Sinn 757 UTC Watch Review - Why Did Sinn Discontinue This?
When I write these reviews, the first paragraph is usually spent giving a background story of why I purchased, borrowed, or otherwise obtained the subject watch of the review. In the case of this Sinn 757 UTC, I simply borrowed it from my friend because two of my watches are in for service, and I needed a few watches to use for strap photos.
But that doesn't mean that I wasn't excited to wear it! Regular readers of the StrapHabit blog are aware that I'm a big fan of Sinn's dive watches. I've covered all of the U variants that I have been able to get my hands on, and even decided that my U1S is the best dive watch available. I always enjoy seeing my friend wearing the 757, so I was glad to get my hands on it for a longer period of time.
Many of Sinn's watches are designed to be used as a tool in a specific scenario. While the 757 UTC is simply described by Sinn as "The Duochronograph with captive bezel" (how German is that?) it is intended to be used by pilots. Watch collectors typically envision a WW2 A- or B-Uhr dial when thinking of a pilot watch, but the 757 UTC has features that are useful and durable for modern pilots and the difficult conditions that one might encounter in a cockpit.
Unfortunately, when looking up the 757's specs for this article, I discovered that Sinn had discontinued it. It does make models with similar functionality, such as the 103 and the non-chronograph version called the 857, but none of them have the same combination of good looks and useful features as the 757 UTC. Was there another reason that Sinn decided to stop making it?
Packed with Sinn's Tech
While the now-discontinued 757 UTC might not have the abysmal water-resistance of the 1000m-capable U1, it does have a laundry list of Sinn's technology and features applied. These are all things that will be useful to more people than the ability to go to depths that would literally kill you (plus the 757 still has a very sufficient 200m rating).
The most obvious upgrades can be seen on the dial. The "base" 757 has a two-register chronograph complication. Upgrading to the UTC model added not only three yellow letters to the dial, but also a hidden party piece. A yellow, skeletonized hour hand can be deployed from behind the main white hour hand of the same shape to indicate a second time zone on the 12-hour scale. Turn the crown away from you, and the date advances. Turn it towards you, and the yellow hand advances by one hour.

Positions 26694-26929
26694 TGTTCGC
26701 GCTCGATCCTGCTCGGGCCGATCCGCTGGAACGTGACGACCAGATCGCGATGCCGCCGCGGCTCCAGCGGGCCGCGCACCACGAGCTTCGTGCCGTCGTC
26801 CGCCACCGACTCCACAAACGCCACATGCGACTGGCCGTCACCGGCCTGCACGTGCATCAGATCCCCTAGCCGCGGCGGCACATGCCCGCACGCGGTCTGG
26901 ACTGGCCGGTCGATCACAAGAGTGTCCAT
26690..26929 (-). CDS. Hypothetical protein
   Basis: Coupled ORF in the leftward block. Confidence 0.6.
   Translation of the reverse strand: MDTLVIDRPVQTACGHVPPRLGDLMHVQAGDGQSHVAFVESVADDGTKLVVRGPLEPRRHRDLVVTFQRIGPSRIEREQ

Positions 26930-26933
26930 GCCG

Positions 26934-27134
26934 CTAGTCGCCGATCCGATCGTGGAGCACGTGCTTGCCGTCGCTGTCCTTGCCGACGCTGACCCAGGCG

While it's not a "true" or "traveler's" GMT, it provides a simple and effective way of showing the time in another location (if you'd like to learn more about the benefits of each type of GMT, check out this article that I wrote for ABTW last year). It's perfect for someone who calls or occasionally travels to other time zones on the same side of the globe but doesn't need the distraction of a full GMT hand most of the time.
The 757 UTC also uses Sinn's Ar-Dehumidifying Technology which is designed to preserve the oils on the movement, and also prevent fogging of the crystal in extreme temperature changes. Sinn achieves this through three elements: EDR seals, filling the case with inert argon gas, and a dehumidifying capsule that can be seen embedded in one of the lugs of the 757 UTC.
You can see from the light blue color that this watch has not experienced a significant level of humidity inside the case. Dark blue indicates that it is time to replace the capsule (and likely also service the movement).
The watch is also rated to operate reliably at extreme temperatures (-45 to +80 deg C, or -49 to +176 deg F). Sinn achieves this through the use of special oils, followed by a test of every watch in a temperature chamber.
Continuing the list of torture tests that it can withstand, the 757 UTC is also rated to run accurately in the presence of magnetic fields. Through the use of a soft iron cage comprising the dial, movement holding ring, and an iron plate behind the nickel-free caseback, Sinn rates its anti-magnetic watches as being able to withstand 80,000 A/m (or 1000 gauss for those fans of the Rolex engineer watch) and indicates this with a subtle black logo on the dial next to the UTC text. For more on what an anti-magnetic watch might mean to you, read this other article that I wrote for ABTW last year.
Like the U1S, it also has a captive bezel secured by screws, is resistant to low pressure, has a tegimented (hardened steel) case and a similarly excellent treatment of Sinn's anti-reflective coating on both sides of its crystal.
Wearing the 757 UTC
I've owned or borrowed a number of Sinn watches, and all of them have worn very well. A lot of this is achieved through the lug design, and the 757 is no exception. Despite its large 43mm diameter and 15mm thickness, the short and low-mounted lugs mean that it sits well on the wrist, and doesn't feel too long, or top-heavy.